Market Resistance

Appraisers are often asked to develop their opinion with regard to the value of a home, or piece of property that has some feature, characteristic or location that is atypical or even adverse. When this occurs they knee-jerk reaction of many of my colleagues is to show the physical, functional or external obsolescence and adjust for the difference in the market grid with a sentence or two added to the addendum.

For example, swimming pools. An in-ground swimming pool can cost between $35,000 and $50,000 installed. Of course there are pools that can range upwards to $150,000 with islands, waterfalls and the like. But for the purposes of this blog, I am speaking generally of a common pool that is kidney-shaped, generally a concrete prefabricated item that when installed is expensive to say the least. Nonetheless, buy a home install a swimming pool for $45,000, wait 3 months and try to sell that home for its purchase price plus $45,000. This academic discussion assumes the market has remained completely stable with no changes up or down. The market will not accept this other wise $200,000 home and simply add the cost of the pool. This loss in value is what appraisers refer to as obsolescence. This is a well-known fact in the industry, but how many actually take the time to prove their point. Pools of course are an easy example, because the appraiser can simply provide comparable sales of similar age, size, location, with a pool to demonstrate the market reaction to the pool. But, what if the development that the property is located in does not have any sales with swimming pools. Then if the appraiser proceeds to a neighboring development to find homes with swimming pools, have they completed a subdivision analysis to demonstrate there is no location adjustment between developments? Generally speaking this is often not the case.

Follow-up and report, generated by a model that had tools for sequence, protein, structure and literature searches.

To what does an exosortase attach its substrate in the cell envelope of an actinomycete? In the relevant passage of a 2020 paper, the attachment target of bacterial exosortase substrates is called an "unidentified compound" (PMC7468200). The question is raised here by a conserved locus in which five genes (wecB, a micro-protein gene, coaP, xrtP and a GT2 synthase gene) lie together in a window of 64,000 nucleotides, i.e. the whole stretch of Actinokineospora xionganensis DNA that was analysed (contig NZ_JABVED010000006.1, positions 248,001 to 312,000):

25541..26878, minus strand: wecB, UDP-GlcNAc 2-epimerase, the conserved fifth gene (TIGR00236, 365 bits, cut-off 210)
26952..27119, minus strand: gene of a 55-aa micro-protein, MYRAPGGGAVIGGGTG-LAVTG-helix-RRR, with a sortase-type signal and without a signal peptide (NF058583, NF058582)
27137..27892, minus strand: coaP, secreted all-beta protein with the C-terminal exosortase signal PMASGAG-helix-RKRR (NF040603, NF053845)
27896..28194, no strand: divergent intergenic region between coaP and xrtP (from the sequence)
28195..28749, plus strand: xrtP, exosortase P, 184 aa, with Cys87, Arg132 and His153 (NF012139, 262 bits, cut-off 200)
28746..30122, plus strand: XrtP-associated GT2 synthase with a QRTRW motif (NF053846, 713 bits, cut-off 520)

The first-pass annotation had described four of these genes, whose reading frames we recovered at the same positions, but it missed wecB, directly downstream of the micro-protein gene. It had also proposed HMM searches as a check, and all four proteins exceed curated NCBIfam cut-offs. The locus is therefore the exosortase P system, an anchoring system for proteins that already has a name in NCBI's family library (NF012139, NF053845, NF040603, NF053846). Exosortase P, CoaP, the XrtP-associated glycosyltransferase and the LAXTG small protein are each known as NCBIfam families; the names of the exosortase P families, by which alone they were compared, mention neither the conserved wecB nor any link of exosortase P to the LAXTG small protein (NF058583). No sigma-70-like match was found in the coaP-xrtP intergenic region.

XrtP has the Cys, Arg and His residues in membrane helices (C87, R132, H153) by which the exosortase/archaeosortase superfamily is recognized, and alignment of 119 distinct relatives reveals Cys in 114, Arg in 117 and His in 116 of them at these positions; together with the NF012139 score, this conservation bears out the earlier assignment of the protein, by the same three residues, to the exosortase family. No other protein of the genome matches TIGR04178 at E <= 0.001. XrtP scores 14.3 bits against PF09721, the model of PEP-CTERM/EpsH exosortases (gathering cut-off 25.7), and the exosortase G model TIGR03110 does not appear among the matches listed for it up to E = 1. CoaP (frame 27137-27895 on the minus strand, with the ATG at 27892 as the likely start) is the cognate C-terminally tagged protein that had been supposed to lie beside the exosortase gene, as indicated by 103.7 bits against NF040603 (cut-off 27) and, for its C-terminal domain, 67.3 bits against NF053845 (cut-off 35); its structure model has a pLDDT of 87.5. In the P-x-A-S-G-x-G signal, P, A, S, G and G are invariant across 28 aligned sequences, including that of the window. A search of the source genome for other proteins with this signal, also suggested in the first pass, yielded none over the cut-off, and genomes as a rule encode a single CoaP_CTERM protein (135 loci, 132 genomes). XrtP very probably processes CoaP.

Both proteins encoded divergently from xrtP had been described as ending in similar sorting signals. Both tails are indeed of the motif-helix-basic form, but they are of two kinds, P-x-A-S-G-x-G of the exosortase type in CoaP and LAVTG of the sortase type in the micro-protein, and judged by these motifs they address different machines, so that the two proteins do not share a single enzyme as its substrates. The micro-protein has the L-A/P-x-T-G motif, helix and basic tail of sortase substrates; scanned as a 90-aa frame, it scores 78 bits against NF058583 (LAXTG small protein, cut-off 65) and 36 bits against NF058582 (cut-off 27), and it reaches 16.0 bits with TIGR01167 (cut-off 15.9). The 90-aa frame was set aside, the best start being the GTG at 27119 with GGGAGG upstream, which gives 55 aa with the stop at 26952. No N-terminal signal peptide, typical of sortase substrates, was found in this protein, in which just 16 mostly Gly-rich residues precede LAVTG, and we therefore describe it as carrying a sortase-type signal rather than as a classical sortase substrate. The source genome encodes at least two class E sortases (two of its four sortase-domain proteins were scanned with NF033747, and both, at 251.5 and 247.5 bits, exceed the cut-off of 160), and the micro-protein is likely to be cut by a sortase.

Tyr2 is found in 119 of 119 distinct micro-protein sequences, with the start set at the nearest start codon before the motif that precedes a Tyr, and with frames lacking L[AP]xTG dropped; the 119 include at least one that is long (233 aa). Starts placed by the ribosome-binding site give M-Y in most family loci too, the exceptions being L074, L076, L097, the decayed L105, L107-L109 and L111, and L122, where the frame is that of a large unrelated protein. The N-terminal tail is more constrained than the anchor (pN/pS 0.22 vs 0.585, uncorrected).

With the advent of technology the ability to import MLS data into a spreadsheet for analysis there really is no longer an excuse in the majority of appraisals not to have tabular analysis of items like: location, swimming pools, garage count, bedroom or bathroom count. These adjustments have been made for the last several generations by appraisers using a “rule of thumb” based upon bench market pairings when, the appraisal should have been based upon the development of paired sales for each individual assignment.

My challenge to appraisers is to sharpen up and utilize the tools in front of you. My challenge to underwriters and/or reviewers is to develop market pairs as appraisers provide them, or to ask appraisers for the paired analysis that was used to develop their adjustments. Condition adjustments will be a topic of a future post and is not germane to this particular discussion.

See you around the water cooler!